How Much Independence Should Your Child Have?

Posted by Tiara Swinson on December 07, 2018

It's okay to let your child be independentOver the past couple of generations, there has been a dynamic shift in what is considered by the masses to be "proper parenting" techniques. It wasn't that long ago when children were encouraged to be more self-reliant. During these times, many children got themselves home from school and would begin their homework, do chores, or even roam about the neighborhood to visit with their friends. Children were often told they could play within certain boundaries and were given simple curfews such as being home before dinner time or when the street lights came on.  

The Sudden Shift

Within the past decade, suddenly everything has changed. Children are constantly monitored by parents, and rarely, if ever, left unsupervised. You will not find children roaming the parks or neighborhood looking for friends to play with unless they have a parent in tow or an already scheduled supervised playdate.

Many parents who support the helicopter parenting style believe that in this day and age their children are not as safe as they were years ago. Fortunately, statistics do not back up this data and crime has decreased since the 70s, especially in regards to child-related crimes.

Instead, perhaps the need to ensure children are protected is because the socially accepted form of parenting has changed. Many parents now face public ridicule and judgment by what others may consider poor parenting choices. It does seem that cultural influences affect how people parent, instead of simple regard for safety. In cultures such as Japan, children are encouraged to become independent at a young age. This may be due to the importance of community where children can rely on community members for assistance.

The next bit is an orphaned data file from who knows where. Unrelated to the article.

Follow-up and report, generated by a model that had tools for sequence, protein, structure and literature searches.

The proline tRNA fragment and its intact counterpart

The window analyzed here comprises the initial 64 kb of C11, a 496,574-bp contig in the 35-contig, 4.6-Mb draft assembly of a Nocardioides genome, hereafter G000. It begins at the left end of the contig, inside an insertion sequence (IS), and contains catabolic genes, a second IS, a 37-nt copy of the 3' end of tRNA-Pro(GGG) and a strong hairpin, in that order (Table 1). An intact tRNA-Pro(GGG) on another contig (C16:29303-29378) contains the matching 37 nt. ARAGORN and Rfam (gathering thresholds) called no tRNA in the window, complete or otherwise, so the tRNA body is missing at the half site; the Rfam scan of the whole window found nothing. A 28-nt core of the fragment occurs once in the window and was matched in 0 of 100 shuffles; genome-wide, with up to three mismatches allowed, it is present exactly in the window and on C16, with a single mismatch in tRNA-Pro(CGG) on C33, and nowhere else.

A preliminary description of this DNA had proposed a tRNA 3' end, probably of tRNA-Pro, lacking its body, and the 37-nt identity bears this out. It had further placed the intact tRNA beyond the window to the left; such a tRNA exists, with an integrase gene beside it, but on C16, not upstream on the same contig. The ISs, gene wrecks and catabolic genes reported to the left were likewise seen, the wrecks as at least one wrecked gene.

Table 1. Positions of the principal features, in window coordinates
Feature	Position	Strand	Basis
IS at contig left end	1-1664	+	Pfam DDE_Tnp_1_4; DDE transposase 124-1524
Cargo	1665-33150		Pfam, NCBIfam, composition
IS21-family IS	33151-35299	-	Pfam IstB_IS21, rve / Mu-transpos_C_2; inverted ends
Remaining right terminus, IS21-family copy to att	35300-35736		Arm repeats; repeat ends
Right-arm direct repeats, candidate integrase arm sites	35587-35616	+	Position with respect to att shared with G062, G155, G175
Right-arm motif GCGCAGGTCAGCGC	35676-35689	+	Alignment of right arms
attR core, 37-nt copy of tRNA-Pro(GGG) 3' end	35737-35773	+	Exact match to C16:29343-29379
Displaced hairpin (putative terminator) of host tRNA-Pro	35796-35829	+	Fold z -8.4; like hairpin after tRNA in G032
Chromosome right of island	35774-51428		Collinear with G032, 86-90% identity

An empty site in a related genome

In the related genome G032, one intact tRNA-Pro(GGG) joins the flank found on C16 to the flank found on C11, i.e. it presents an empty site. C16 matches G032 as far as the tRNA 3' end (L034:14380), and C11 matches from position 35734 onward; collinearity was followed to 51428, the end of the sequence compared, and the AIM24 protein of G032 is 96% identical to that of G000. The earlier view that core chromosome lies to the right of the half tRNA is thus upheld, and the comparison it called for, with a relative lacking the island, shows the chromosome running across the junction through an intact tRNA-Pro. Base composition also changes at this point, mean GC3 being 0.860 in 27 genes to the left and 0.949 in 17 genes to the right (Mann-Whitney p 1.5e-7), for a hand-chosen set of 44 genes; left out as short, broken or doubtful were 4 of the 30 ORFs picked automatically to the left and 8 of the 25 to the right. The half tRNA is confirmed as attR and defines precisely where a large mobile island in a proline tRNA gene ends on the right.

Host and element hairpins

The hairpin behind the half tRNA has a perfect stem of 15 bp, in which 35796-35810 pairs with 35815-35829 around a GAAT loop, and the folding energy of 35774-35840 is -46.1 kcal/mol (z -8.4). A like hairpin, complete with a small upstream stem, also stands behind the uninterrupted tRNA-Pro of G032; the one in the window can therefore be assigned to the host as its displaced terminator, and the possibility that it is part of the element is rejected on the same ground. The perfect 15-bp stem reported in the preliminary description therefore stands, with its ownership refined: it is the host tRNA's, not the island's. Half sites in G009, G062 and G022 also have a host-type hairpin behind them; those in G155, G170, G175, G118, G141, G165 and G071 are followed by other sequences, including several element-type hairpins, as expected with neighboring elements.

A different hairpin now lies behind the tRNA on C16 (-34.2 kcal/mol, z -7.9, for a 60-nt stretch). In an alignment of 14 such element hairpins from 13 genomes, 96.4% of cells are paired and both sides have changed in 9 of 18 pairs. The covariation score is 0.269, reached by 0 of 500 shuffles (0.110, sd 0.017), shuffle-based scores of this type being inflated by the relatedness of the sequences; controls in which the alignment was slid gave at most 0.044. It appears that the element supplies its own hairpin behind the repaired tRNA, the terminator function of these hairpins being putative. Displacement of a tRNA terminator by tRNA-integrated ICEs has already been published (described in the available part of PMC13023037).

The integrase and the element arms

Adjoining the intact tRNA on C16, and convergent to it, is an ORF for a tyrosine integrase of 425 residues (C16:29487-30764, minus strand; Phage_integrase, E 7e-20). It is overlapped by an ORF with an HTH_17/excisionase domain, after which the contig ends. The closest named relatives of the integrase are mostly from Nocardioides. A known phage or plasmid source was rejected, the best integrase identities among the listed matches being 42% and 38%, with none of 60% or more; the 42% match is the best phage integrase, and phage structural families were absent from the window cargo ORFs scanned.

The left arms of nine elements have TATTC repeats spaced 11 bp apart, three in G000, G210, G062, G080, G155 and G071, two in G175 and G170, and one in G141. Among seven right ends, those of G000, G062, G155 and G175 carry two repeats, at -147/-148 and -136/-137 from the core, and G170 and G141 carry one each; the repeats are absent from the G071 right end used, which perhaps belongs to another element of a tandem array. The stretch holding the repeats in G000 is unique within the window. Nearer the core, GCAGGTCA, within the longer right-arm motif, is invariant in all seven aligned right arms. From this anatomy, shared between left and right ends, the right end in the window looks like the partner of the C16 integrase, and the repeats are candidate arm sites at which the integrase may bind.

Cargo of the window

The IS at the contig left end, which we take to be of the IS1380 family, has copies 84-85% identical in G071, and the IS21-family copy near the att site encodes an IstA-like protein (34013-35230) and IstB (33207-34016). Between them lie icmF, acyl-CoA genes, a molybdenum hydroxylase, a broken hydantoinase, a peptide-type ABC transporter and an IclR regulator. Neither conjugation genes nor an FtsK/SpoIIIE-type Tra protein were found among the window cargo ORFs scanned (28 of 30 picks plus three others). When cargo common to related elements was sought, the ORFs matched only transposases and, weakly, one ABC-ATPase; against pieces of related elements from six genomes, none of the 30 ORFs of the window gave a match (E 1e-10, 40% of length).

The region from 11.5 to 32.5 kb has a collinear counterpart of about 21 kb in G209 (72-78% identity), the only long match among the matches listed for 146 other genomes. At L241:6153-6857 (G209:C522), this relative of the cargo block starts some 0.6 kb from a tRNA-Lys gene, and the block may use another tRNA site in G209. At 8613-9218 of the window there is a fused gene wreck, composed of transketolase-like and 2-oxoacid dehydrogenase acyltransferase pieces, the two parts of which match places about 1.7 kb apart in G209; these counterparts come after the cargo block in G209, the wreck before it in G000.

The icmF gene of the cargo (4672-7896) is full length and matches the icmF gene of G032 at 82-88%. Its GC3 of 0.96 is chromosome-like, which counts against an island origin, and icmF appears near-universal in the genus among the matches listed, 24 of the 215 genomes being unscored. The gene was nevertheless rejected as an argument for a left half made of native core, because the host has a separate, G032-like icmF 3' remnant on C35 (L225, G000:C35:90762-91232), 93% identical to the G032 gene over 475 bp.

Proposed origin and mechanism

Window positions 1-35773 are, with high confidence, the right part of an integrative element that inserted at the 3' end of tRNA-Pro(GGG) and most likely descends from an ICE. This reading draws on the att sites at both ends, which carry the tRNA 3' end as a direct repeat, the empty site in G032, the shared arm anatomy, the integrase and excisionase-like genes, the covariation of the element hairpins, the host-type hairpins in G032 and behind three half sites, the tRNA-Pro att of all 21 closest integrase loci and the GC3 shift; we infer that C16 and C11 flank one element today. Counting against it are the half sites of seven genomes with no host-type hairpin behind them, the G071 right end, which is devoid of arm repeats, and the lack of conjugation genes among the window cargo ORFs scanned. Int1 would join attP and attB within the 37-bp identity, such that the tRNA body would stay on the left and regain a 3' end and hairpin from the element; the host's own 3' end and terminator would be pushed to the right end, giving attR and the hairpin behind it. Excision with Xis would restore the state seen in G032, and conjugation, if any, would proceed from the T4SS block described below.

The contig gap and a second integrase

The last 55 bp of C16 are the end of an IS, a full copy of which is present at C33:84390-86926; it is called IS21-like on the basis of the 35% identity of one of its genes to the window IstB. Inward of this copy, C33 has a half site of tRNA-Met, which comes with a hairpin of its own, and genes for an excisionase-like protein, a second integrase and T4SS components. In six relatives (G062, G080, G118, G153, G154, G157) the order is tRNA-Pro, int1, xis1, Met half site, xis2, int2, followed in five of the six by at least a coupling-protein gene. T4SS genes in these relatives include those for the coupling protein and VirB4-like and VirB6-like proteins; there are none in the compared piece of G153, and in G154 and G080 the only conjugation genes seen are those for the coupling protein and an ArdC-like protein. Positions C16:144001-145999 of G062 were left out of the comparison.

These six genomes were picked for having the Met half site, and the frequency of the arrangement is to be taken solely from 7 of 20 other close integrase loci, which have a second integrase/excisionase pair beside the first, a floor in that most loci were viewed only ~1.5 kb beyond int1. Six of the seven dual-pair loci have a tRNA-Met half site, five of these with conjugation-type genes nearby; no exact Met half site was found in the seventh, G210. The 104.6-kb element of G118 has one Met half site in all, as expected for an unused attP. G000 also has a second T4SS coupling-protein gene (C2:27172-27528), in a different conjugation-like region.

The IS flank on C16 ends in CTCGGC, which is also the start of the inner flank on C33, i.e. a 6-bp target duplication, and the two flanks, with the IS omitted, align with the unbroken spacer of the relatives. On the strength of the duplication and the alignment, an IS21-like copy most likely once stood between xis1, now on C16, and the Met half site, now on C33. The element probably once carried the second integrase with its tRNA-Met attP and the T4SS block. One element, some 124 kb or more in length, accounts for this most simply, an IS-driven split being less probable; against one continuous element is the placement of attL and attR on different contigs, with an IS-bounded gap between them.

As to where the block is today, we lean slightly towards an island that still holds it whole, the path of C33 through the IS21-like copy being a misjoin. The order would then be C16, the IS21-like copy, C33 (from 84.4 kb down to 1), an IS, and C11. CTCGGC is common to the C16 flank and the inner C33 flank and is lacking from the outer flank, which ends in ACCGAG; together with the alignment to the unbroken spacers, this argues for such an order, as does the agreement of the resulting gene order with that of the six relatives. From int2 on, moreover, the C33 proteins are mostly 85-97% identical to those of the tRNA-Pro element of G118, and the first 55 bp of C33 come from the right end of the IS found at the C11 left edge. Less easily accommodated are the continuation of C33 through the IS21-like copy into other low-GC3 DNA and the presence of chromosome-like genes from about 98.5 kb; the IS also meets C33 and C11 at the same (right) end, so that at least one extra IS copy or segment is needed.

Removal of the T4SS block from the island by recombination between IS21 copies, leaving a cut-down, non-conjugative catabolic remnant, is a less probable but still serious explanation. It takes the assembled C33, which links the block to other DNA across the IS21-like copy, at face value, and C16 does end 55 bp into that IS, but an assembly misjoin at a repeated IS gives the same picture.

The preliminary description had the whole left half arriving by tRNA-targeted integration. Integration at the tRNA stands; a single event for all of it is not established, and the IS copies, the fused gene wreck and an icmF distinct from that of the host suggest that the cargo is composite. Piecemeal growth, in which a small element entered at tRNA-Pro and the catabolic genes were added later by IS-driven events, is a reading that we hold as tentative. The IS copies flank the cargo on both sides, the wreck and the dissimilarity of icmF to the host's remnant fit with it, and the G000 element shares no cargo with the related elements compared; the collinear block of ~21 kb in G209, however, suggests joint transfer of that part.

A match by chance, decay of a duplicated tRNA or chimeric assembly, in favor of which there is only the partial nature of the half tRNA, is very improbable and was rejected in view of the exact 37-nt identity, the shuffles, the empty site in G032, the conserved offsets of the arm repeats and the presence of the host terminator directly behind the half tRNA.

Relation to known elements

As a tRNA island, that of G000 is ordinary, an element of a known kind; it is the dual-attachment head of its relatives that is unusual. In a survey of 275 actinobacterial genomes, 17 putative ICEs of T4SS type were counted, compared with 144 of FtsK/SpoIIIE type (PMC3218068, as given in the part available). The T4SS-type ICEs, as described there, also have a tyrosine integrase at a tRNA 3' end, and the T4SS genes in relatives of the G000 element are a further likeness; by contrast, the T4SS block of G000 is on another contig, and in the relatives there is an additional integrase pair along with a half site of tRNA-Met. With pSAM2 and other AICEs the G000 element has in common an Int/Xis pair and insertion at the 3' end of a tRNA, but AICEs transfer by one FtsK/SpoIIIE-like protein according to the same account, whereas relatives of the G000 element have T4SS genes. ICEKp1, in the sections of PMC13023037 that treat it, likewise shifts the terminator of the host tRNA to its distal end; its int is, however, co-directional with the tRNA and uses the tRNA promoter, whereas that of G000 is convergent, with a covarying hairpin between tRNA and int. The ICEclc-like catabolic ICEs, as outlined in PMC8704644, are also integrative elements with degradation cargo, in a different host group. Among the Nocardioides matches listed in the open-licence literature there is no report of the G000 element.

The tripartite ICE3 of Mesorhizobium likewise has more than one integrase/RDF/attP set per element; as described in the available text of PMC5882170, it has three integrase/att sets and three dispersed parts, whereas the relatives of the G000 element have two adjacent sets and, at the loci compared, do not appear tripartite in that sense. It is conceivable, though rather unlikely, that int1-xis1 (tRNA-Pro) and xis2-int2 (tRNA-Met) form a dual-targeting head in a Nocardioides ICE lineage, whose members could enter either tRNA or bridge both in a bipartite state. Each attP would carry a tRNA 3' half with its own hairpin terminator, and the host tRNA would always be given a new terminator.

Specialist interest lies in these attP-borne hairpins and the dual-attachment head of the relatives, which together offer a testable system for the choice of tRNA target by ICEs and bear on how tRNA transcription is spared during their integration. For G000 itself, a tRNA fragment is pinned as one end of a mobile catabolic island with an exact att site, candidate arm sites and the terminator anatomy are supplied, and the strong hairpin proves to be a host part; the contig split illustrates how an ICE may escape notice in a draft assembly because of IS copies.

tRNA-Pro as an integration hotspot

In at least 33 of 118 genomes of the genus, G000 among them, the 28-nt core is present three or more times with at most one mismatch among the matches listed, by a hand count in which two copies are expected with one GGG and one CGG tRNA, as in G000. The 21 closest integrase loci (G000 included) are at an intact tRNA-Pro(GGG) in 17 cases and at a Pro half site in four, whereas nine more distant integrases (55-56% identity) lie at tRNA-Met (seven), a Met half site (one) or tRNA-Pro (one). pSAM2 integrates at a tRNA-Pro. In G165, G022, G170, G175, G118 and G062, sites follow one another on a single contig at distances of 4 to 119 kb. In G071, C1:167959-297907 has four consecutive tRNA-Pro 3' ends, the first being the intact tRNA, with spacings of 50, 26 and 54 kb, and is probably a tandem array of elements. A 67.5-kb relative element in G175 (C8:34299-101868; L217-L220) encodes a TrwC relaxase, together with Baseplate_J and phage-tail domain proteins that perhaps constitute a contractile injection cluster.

Parents Who Promote Independence vs Helicopters 

There are many stories of neglectful parents shared on social media. Many of these parents have simply chosen to not monitor their kids at all times and are condemned for it. There have been multiple cases where parents have been judged and even reported for allowing children to walk to and from school alone or attend a park by themselves. Since none of these acts are illegal, is the reason these parents are condemned simply a moral standard of parenting that has been accepted as the social norm? Unfortunately, fears of being criticized cause many parents to limit their children's independence through chronic monitoring. Perhaps finding a solution that lies somewhere in the middle will keep our children safe while still fostering independence. 

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Topics: independent, Parenting Skills, Parent-Child Relationships

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